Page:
There’s a cottage industry of advocacy groups demanding greater transparency of businesses’ advocacy spending. One tool they use is the "CPA-Zicklin Index,” produced by the Center for Political Accountability and the Zicklin Center, which claims to measure public companies’ political disclosure policies.
In the Wall Street Journal, David Primo, an associate professor of political science and business administration at the University of Rochester and an adviser to the Center for Competitive Politics, pulls back the curtain and reveals the real intent of the index and the groups behind it. It’s not about making advocacy spending more transparent. Instead, it’s about driving the business community out [subscription required] of public policy debates to advance an ideological agenda:
So why do the Center for Political Accountability, the Zicklin Center and others argue that disclosure policies serve shareholder interests? One reason: Disclosure proponents are expressing concern for shareholders as a pretext for restricting corporate activity in politics.
Primo explains that these organizations revolve around attacking companies for daring to speak out on public policy issues:
In July, Bruce Freed, the CPA's founder and president, bragged to a group of graduate students that the center had succeeded in pressuring companies to implement disclosure rules: "By going outside the political process we've been able to achieve change that never would have been possible" through government.
Meanwhile, the progressive nonprofit Media Matters has developed an entire strategy built on existing disclosure requirements to "provoke backlashes among companies' shareholders, employees, and customers, and the public-at-large," according to a 2012 leaked strategy memo. Imagine what Media Matters could do with more disclosure requirements.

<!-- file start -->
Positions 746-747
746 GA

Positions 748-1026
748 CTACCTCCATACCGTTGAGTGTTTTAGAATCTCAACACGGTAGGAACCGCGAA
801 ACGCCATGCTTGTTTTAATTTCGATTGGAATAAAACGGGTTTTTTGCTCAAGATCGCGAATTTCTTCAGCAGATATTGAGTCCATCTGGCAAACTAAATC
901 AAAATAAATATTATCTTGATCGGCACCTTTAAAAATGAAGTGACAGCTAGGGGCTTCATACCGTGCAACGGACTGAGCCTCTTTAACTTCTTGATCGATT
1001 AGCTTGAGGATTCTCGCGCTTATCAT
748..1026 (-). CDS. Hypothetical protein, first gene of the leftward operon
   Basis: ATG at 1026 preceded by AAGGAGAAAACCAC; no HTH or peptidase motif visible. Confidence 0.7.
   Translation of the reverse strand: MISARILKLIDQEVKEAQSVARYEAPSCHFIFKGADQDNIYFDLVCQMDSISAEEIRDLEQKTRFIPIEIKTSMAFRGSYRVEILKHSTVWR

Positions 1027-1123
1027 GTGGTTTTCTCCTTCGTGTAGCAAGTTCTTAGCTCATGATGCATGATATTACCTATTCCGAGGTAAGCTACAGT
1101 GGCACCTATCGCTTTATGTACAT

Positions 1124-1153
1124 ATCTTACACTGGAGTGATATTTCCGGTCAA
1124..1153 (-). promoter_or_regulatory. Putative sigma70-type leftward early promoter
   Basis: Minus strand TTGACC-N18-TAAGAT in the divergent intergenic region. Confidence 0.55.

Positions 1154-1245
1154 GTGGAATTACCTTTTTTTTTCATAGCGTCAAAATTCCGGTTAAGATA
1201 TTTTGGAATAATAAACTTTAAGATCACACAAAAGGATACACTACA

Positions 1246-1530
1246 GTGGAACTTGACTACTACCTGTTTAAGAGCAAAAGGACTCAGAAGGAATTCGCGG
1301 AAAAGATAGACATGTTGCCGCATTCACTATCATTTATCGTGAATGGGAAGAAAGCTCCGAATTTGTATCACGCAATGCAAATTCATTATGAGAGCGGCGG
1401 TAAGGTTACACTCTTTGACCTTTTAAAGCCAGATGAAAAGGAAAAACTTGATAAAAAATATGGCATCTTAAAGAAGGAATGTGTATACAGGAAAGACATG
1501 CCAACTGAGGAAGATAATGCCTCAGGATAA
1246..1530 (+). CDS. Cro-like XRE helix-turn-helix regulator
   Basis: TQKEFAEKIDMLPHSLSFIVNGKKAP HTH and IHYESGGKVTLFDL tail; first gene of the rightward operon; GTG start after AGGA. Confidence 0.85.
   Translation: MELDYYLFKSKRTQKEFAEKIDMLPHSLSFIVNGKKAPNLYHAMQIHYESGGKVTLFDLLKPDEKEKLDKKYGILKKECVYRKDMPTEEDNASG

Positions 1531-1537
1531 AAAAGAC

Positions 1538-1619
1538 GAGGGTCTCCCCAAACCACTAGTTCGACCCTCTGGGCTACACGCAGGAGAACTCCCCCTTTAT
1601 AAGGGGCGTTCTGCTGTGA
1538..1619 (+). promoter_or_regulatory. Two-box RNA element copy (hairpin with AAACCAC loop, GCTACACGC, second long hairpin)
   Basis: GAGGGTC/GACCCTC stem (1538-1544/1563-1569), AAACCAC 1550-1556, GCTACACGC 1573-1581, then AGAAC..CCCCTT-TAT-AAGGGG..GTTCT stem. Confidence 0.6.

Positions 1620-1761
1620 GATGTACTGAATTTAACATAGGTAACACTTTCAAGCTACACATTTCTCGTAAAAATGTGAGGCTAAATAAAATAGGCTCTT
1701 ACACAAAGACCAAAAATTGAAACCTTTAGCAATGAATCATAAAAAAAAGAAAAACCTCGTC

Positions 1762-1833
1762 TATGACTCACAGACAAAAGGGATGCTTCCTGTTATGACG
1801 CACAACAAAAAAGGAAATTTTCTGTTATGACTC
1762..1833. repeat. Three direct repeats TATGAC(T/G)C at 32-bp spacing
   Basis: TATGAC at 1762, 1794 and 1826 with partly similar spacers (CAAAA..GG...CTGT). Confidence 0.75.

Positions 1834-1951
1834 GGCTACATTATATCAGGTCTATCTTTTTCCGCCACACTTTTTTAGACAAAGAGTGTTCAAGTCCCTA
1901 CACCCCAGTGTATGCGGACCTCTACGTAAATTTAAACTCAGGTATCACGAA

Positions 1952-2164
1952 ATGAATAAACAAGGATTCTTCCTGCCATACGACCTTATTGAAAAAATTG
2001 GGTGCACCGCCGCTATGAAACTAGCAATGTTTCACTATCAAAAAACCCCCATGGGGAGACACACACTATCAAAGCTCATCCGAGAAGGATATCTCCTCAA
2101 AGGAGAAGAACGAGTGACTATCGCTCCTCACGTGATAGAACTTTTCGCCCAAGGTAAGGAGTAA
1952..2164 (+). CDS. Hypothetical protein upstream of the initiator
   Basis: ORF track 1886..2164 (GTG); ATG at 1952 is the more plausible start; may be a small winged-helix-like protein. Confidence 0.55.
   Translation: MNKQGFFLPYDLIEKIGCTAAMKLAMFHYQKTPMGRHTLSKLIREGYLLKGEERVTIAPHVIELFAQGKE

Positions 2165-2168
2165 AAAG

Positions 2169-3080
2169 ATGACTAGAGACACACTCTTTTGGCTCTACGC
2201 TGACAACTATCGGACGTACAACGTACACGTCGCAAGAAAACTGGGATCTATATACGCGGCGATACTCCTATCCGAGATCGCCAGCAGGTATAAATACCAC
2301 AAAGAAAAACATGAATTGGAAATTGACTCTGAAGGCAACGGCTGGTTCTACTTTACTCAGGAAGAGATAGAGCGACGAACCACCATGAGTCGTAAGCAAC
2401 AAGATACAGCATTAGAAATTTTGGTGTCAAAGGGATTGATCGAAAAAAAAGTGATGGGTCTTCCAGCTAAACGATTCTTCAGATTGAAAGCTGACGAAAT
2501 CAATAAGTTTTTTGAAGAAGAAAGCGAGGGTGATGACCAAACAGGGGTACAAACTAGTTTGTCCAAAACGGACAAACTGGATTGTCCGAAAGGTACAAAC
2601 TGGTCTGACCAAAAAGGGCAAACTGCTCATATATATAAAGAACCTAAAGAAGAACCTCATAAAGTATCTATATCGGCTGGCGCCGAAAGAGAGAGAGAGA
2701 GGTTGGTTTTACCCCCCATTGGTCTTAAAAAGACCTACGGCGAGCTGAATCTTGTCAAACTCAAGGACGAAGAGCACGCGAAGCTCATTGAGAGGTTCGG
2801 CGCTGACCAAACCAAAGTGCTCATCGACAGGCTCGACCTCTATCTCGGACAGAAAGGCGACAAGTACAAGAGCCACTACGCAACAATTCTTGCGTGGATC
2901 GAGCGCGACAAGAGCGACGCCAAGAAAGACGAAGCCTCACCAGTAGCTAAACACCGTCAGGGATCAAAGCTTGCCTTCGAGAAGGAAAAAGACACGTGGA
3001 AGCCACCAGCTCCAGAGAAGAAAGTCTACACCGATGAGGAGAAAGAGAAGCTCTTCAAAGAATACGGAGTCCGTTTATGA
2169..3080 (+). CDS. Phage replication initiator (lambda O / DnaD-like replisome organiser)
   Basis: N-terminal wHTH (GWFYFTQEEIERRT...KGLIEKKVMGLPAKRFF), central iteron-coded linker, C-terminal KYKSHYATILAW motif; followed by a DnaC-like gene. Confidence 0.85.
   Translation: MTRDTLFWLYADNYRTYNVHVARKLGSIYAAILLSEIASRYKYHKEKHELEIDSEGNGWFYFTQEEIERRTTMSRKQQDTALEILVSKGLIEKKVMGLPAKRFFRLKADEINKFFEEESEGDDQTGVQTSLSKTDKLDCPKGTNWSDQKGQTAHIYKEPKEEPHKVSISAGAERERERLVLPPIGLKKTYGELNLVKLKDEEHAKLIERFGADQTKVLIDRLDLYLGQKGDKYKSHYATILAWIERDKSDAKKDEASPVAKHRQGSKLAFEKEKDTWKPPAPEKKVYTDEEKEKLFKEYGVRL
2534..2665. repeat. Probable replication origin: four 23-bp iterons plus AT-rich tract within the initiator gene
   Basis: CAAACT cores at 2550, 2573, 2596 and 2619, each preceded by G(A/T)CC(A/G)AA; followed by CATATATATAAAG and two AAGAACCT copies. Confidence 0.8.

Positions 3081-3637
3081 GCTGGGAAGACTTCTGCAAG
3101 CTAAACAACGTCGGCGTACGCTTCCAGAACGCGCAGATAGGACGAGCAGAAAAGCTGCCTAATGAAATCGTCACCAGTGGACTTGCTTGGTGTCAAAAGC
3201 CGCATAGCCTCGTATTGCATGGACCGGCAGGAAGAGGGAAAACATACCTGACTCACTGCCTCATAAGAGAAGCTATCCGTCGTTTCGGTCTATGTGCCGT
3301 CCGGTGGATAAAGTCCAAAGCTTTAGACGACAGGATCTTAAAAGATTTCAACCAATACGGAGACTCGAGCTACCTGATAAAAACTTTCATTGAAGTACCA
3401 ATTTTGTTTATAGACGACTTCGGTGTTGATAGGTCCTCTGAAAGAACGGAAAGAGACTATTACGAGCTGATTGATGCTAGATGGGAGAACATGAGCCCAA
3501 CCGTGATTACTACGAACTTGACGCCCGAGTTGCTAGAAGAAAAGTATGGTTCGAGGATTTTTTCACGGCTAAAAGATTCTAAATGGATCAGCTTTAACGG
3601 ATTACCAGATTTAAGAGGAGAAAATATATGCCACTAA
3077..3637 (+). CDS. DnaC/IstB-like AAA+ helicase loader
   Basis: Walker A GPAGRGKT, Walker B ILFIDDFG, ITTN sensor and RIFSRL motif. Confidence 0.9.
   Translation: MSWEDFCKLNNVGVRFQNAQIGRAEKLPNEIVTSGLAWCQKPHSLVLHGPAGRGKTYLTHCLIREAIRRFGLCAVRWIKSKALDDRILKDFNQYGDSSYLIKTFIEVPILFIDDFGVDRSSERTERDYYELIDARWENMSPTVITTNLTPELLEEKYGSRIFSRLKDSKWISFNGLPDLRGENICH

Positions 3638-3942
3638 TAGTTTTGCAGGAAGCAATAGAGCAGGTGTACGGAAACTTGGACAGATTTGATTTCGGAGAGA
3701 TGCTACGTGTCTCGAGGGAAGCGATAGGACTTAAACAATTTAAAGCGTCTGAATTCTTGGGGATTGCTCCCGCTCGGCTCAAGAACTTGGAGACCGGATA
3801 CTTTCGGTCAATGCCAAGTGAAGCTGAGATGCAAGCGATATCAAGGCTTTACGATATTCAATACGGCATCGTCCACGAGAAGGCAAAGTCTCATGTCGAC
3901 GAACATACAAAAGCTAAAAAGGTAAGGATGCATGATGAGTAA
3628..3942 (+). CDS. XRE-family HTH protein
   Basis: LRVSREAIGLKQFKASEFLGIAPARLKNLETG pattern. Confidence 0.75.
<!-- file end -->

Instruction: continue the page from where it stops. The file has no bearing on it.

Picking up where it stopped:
A recent paper by the Center for Competitive Politics explained these sophisticated strategies:
A cadre of unions, public pension funds, and activist investors are pursuing actions that would selectively burden American public companies from exercising their First Amendment rights to participate in public dialogue.
Having failed to achieve what they wanted through legislation, these activists turned their attention to executive agencies to try to silence opposition through regulatory fiat. These efforts included a draft executive order that would have required businesses to disclose political activities before bidding for federal government contracts, including support for trade associations and 501(c)(4) non-profit organizations, as well as separate regulatory efforts at the Federal Election Commission (FEC), the Federal Communications Commission (FCC) and the Securities and Exchange Commission (SEC).
In addition to these attempts to use the power of government to burden or silence the business community, activists and elected officials have engaged in an effort to force corporations, through public pressure, litigation, and corporate governance mechanisms, to disclose or scale back their expenditures related to lobbying and public policy activities. Much of this pressure has come from labor unions and other activists claiming to represent the interests of a company’s shareholders, but in actuality pursuing an ideological agenda unrelated to the profit-‐maximizing interest of most shareholders.
The CPA-Zicklin Index is part of this toolkit. It’s a gag for silencing the business community from exercising its First Amendment rights.